This month, thousands of customers will participate in weekend activities at the farm, and 6,000 to 7,000 schoolchildren will visit on weekdays for tours of the farm's pumpkin patch, petting zoo and corn maze.
Zielinski sees a double benefit in the tours. In addition to generating familiarity with the farm stand, the tours introduce agriculture to an urban audience.
"I think it is really important for people to get that connection back to the land, because most people are one to three generations out from the farm," he said.
"It always surprises me how many children have never been on a farm, never had a chance to pick anything or experience something growing," Zielinski said.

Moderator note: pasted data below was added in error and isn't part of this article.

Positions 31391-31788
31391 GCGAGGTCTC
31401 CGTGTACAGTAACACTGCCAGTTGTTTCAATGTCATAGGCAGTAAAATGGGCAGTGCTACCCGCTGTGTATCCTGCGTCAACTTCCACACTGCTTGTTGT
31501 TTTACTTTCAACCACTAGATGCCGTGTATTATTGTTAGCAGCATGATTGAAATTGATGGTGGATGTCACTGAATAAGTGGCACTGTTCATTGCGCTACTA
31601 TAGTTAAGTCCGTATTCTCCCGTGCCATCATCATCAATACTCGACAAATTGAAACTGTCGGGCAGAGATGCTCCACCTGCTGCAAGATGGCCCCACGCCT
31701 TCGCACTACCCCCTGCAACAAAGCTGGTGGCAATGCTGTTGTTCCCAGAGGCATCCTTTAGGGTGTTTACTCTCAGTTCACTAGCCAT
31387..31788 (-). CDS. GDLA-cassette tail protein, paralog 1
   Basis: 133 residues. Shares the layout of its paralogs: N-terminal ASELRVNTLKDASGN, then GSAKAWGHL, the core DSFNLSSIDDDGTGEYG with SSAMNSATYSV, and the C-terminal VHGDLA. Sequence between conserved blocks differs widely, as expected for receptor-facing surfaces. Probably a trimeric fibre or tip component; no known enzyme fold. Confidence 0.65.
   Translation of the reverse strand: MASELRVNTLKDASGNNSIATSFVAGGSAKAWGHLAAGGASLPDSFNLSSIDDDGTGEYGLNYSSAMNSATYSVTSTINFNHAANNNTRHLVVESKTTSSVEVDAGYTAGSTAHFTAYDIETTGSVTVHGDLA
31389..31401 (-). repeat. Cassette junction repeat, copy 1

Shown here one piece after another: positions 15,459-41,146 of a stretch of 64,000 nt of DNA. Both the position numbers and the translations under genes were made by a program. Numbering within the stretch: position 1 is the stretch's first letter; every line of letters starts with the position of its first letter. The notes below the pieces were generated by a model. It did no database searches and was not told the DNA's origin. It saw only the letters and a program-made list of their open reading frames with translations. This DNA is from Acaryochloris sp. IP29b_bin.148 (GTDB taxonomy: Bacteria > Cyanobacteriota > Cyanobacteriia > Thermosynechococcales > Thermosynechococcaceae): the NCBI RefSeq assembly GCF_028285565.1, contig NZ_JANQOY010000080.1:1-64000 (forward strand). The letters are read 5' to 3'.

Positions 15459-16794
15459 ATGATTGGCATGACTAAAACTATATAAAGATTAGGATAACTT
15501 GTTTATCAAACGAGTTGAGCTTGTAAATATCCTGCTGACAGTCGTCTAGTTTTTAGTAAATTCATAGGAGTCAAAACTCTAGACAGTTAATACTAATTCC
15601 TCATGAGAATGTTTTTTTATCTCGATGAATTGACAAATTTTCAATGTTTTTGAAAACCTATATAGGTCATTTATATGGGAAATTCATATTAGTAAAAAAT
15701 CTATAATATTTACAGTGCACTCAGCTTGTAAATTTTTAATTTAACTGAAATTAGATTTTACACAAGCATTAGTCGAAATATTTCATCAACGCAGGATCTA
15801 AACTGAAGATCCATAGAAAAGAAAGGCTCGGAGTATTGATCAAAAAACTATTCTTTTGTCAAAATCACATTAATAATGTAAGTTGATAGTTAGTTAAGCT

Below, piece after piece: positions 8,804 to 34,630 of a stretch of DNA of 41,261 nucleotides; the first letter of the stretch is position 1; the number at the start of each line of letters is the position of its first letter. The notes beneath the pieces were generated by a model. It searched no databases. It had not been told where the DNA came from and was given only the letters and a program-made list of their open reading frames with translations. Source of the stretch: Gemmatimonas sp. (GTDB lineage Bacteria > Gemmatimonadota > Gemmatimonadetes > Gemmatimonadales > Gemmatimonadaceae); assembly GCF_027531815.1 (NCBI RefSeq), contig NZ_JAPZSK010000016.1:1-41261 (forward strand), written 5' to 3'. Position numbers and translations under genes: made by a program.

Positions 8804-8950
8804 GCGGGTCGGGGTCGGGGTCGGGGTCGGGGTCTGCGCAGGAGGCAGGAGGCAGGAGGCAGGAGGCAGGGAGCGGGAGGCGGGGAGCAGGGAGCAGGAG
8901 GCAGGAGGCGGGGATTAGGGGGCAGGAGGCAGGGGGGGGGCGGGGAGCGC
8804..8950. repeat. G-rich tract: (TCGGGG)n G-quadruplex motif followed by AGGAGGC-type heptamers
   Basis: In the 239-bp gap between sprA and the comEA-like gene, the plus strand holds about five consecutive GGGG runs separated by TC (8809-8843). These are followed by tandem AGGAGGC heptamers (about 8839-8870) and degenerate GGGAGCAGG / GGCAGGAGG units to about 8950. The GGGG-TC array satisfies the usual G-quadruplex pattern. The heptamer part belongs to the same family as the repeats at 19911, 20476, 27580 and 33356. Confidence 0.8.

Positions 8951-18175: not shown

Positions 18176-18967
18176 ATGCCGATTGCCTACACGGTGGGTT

Zielinski's desire to show schoolchildren farm life is based in part, he said, on a civic responsibility that he picked up from his parents.
His mother, Eileen, was active in the Marion-Clackamas Chapter of Oregon Women for Agriculture and in the land-use planning the state developed in the early 1970s. His father was a regular participant on civic organization boards, he said.
Zielinski is continuing that tradition. In addition to opening the farm to children, he is serving as incoming president of the Marion County Farm Bureau. He also is past president of the Salem Chamber of Commerce and a chamber board member for 11 years.
Asked why he donates his time, he said: "I see it as trying to build a better community. And to be involved in some way or shape in your community is, I think, everybody's duty."